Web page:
To be honest, Tortola has been a somewhat weird stop for us.Â I think that yesterday I figured out why this is.
Itâ€™s hard to think of a place where sailing is more of an â€œendâ€ than it is here.Â Scads of people fly in here, charter a sailboat, go sailing around the Virgin Islands, return the boat and fly home.Â The trip is about the sailing — and the sailing IS indeed great.Â Throw in a few rum punches at Foxyâ€™s and Soggy Dollar Bar, and that makes for a pretty nice getaway — I get it.
But, for us, our trip isnâ€™t about the sailing â€“ and it isnâ€™t for a week or two.Â Sailing is, for us, a â€œmeansâ€ to see the world.Â This is a trip around the world that happens to be on a sailboat.
And, speaking of sailing, not much of that is happening for us right now.Â You may recall that our original plan was to sail the boat from the Bahamas straight to the Virgin Islands to have some repairs done.Â After the Twin Fiascoes and the trip to Puerto Plata, we have even more repairs to add to the list.Â Hereâ€™s a PARTIAL list:
- Replace entire battery bank (5 new Lifeline 8D AGM batteries).Â Â Four of the 5 current batteries are shot.Â No sense in replacingÂ Â just four.Â Good news â€¦ theyâ€™re only $675 each (not counting labor).Â Ouch!
- A new forward hatch, replacing the old hatch which (inexplicably) had a little solar fan on it, whichÂ ensured that the whole forward cabin would be under 4-5 inches of water if youÂ were sailing upwind.Â This is a straight-up design defect â€“ you arenâ€™t doing much upwind sailing with that thing on there.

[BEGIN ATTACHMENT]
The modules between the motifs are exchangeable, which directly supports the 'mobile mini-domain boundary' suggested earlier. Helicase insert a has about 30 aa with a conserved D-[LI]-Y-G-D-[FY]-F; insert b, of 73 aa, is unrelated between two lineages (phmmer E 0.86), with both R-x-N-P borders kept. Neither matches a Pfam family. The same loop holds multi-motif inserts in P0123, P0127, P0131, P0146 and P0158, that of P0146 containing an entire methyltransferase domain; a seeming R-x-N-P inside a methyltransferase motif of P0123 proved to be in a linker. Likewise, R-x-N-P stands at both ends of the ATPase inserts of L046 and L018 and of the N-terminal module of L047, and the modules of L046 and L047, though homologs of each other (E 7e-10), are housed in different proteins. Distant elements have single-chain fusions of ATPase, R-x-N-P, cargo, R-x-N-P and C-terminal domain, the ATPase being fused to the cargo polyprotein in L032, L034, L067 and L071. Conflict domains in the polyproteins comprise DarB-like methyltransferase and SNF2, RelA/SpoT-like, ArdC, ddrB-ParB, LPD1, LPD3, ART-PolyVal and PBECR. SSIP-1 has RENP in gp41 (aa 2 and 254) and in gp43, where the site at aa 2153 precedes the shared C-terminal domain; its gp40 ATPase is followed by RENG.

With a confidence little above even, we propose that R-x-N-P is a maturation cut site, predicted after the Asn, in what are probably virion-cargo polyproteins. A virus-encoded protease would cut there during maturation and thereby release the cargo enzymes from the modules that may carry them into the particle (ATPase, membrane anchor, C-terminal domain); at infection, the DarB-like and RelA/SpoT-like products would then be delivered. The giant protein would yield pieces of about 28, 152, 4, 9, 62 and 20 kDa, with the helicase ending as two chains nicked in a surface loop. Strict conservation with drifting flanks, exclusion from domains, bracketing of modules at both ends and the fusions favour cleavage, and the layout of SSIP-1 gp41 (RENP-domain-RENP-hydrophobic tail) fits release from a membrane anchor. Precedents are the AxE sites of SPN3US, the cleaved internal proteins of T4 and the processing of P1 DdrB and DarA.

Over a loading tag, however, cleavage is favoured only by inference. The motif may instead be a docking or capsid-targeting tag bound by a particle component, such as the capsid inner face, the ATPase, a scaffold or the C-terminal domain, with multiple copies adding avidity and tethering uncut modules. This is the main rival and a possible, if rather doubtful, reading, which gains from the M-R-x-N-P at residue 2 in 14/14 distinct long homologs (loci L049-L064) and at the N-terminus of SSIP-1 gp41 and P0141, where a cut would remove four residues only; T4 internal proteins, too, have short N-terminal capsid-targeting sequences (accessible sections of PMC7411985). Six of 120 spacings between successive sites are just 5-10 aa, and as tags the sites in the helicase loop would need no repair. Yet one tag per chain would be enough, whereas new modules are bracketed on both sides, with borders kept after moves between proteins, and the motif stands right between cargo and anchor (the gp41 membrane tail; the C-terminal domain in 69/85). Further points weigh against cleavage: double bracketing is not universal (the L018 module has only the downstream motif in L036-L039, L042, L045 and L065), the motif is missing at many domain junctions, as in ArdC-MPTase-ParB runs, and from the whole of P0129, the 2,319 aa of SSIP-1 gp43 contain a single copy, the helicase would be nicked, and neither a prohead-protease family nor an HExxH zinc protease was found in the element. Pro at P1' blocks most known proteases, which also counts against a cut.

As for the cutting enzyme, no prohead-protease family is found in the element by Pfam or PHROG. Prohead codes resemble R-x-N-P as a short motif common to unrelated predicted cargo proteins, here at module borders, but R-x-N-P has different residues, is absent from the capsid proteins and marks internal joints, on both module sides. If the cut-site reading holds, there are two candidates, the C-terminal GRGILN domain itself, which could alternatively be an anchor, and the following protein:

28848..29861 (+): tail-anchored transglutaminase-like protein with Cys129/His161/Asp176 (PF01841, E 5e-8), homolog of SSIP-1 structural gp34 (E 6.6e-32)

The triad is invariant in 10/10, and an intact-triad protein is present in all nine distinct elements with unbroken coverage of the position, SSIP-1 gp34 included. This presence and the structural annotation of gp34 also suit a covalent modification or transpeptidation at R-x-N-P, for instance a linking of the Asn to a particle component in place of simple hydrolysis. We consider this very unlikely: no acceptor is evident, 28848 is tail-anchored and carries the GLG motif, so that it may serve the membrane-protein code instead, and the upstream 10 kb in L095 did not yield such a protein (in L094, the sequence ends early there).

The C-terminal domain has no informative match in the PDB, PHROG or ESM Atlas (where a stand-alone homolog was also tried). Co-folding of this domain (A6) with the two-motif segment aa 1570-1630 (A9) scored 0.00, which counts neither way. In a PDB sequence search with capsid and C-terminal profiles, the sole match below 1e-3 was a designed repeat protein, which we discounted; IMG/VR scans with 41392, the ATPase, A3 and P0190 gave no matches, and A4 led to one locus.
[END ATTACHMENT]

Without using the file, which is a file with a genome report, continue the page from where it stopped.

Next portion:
- A new companionway slide (which I accidentally broke on the way to the D.R.).
- Repairs to the companionway screen (another â€œoopsâ€ moment).
- Reattachment of the autopilot rudder return indicator mount, which spontaneously disintegrated just as we were landing the boat here in Tortola.
- Repairs and steel reinforcement of both salon tables (these were ridiculously flimsy and had obviously been broken multiple times before).
- Freezer repair (this has never really worked very well).
- Fridge repair (ditto).
- Fix both air conditioners (the forward one needed a new pump, the aft one only minor repairs).
- A comprehensive rust removal/polishing of all the stainless steel on the boat.
- Sanding and oiling of the toe-rail (weâ€™re removing the varnish and returning the teak to a natural finish).
- Yet another diagnosis/repair of the generator (weÂ have some sort of oil pressure problem).
- Repairs and batten replacement on the mainsailÂ (thanks to my stupid Christmas Day furling maneuver).
- About a dozen more â€œdo it yourselfâ€ jobs, including sourcing and installing a new, proper-sized fuel-filter head to swap for our emergency, over-sized replacement from the D.R.
Obviously, this is going to be shockingly expensive (probably five figures).Â But almost all of it simply HAS to be done.
Given the extent of the repairs, we have workmen coming to and from the boat basically every day.Â This means that, by and large, we are stranded in the marina.Â Even today (Sunday), we have a guy here working on the boat.Â Aside from boat repairs, there are basically two things to do here: sail and drink.Â We canâ€™t really sail.Â Fortunately, weâ€™ve made some good friends here.Â More on that in the next post.